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Ogmius Newsletter

Research Highlight

Wind farm in Wyoming

Shawn OlsonOur Research Highlight describes a new project conducted by ENVS graduate student Shawn Olson under the direction of Max Boykoff: “Power Politics: The political ecology of wind farm opposition in Wyoming”. Shawn received a BA in Environmental Studies and Social Movements from The Evergreen State College. Since then, she’s spent several seasons as an environmental educator in Alaska’s Wrangell Mountains and as a wilderness therapy field leader in the deserts of south-central Utah. At the University of Colorado Boulder, her focus is on the politics, history, and ideological polarizations that lead to conflicts over public lands in the American West. Shawn is the co-author of two books: Defending Wild Washington: A Citizen’s Action Guide (Mountaineers Books, 2004) and Community and Copper in a Wild Land (Wrangell Mountains Center & National Park Service, 2005). This project was funded through a scholar’s award from The Center to Advance Research and Teaching in the Social Sciences (CARTSS) at the University of Colorado.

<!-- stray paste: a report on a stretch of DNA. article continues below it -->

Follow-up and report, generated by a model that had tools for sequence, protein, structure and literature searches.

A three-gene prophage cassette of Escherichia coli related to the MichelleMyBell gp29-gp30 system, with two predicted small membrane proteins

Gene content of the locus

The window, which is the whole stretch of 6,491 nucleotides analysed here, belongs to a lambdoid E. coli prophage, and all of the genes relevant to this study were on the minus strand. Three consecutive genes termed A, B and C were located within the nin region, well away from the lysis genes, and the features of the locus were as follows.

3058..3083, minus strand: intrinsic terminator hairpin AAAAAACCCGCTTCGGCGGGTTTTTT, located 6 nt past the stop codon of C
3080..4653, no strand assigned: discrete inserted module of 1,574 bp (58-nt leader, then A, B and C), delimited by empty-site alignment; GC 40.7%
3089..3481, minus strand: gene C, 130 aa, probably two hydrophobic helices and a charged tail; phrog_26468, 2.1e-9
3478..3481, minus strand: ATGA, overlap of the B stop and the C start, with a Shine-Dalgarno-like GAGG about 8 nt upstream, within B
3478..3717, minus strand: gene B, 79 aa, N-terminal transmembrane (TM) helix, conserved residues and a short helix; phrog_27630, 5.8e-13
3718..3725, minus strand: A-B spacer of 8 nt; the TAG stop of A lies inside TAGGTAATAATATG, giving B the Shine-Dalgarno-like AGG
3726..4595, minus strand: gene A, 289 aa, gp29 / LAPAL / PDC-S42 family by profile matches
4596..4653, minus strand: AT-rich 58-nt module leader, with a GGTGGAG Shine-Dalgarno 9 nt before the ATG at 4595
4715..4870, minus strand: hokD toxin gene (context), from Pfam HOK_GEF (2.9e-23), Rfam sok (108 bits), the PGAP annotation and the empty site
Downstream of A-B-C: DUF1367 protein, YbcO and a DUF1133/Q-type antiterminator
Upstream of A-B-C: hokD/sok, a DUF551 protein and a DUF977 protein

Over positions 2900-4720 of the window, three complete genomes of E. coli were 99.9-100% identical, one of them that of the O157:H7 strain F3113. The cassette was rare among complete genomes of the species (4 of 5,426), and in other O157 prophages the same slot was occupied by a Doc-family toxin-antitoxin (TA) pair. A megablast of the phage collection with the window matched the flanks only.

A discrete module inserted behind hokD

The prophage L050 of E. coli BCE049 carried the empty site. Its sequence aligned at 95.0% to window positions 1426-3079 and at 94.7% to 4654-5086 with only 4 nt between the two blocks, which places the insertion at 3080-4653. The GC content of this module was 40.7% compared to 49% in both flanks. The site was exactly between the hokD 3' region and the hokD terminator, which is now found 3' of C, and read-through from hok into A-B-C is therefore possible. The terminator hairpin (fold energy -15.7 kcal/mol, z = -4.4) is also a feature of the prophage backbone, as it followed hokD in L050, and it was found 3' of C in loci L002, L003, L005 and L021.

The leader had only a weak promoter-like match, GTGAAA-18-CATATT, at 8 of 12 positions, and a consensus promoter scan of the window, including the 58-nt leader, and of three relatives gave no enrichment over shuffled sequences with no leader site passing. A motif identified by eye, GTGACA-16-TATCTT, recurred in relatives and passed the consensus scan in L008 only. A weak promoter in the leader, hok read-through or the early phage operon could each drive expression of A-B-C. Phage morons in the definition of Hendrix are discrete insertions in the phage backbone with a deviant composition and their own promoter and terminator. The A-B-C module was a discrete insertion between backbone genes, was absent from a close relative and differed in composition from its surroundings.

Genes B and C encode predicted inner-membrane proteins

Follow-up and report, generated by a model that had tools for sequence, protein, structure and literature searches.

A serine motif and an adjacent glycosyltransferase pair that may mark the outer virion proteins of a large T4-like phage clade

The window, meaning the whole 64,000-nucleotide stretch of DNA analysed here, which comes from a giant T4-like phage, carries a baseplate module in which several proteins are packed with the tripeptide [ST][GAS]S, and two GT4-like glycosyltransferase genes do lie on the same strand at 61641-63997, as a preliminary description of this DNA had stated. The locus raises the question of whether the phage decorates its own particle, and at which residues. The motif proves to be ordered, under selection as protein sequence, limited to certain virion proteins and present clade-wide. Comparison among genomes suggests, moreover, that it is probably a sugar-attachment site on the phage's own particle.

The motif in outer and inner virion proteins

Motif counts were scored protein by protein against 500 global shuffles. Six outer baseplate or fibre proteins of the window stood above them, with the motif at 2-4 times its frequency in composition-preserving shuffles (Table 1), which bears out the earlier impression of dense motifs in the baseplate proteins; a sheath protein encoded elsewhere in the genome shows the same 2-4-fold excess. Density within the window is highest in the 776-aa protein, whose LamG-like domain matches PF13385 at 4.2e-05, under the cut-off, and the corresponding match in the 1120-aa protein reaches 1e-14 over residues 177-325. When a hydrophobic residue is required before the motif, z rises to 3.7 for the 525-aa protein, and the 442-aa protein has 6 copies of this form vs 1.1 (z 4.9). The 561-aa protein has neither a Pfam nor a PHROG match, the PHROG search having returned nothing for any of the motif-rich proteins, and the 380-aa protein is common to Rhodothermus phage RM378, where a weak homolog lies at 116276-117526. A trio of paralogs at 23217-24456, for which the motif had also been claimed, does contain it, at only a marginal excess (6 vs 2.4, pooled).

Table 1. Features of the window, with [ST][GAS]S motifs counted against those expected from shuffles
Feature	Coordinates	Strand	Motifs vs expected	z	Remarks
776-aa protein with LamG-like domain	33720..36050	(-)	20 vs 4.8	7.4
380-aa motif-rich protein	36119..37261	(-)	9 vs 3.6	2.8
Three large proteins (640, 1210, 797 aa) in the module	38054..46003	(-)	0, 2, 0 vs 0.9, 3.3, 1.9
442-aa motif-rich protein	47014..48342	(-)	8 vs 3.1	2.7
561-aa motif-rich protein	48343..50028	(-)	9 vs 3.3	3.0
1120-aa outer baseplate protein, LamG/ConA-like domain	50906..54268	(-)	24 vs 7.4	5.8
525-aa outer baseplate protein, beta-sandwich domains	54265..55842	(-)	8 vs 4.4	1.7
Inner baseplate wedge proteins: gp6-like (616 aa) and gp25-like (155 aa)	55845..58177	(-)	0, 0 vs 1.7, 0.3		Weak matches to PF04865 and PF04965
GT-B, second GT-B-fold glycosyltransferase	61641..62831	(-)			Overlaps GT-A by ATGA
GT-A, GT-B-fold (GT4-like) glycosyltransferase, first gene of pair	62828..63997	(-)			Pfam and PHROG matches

Power Politics:
The political ecology of wind farm opposition in Wyoming

by Shawn Olson

Wind Farm BillboardRenewable energy is recognized nationally and globally as an important strategy for climate change mitigation, energy security, and economic development. However, due to a growing opposition movement against industrial-scale development of energies such as wind power and solar photovoltaic systems, these benefits will not be realized without further understanding of and solutions for community resistance. In the American West, utility-scale wind poses significant changes to the countryside – undeveloped open space that rural residents conceive of as central to their way of life – which could impact individuals who use surrounding landscapes in the production of livelihoods and subsistence.

This project seeks to contribute to an understanding of this opposition movement with the goal of proposing conflict mitigation strategies that simultaneously aid rapid climate mitigation while empowering rural communities. This research examines social conflict over wind energy development in Wyoming and investigates claims made regarding unfair burden-benefit distribution, attachments to unindustrialized natures, and the (not insignificant) visual and physical landscape changes that are a result of utility-scale wind farms.To approach the interface of differential access to power and contestations over renewable energy development, we bring into conversation the literature of political ecology. We take for our case study the three-year battle over a 100 MW wind farm in Converse County, Wyoming, where a local opposition group has stalled the project and rallied local residents against the developer.

A webcast of Shawn’s talk about this project can be viewed here.

Shawn Olson
Center for Science & Technology Policy Research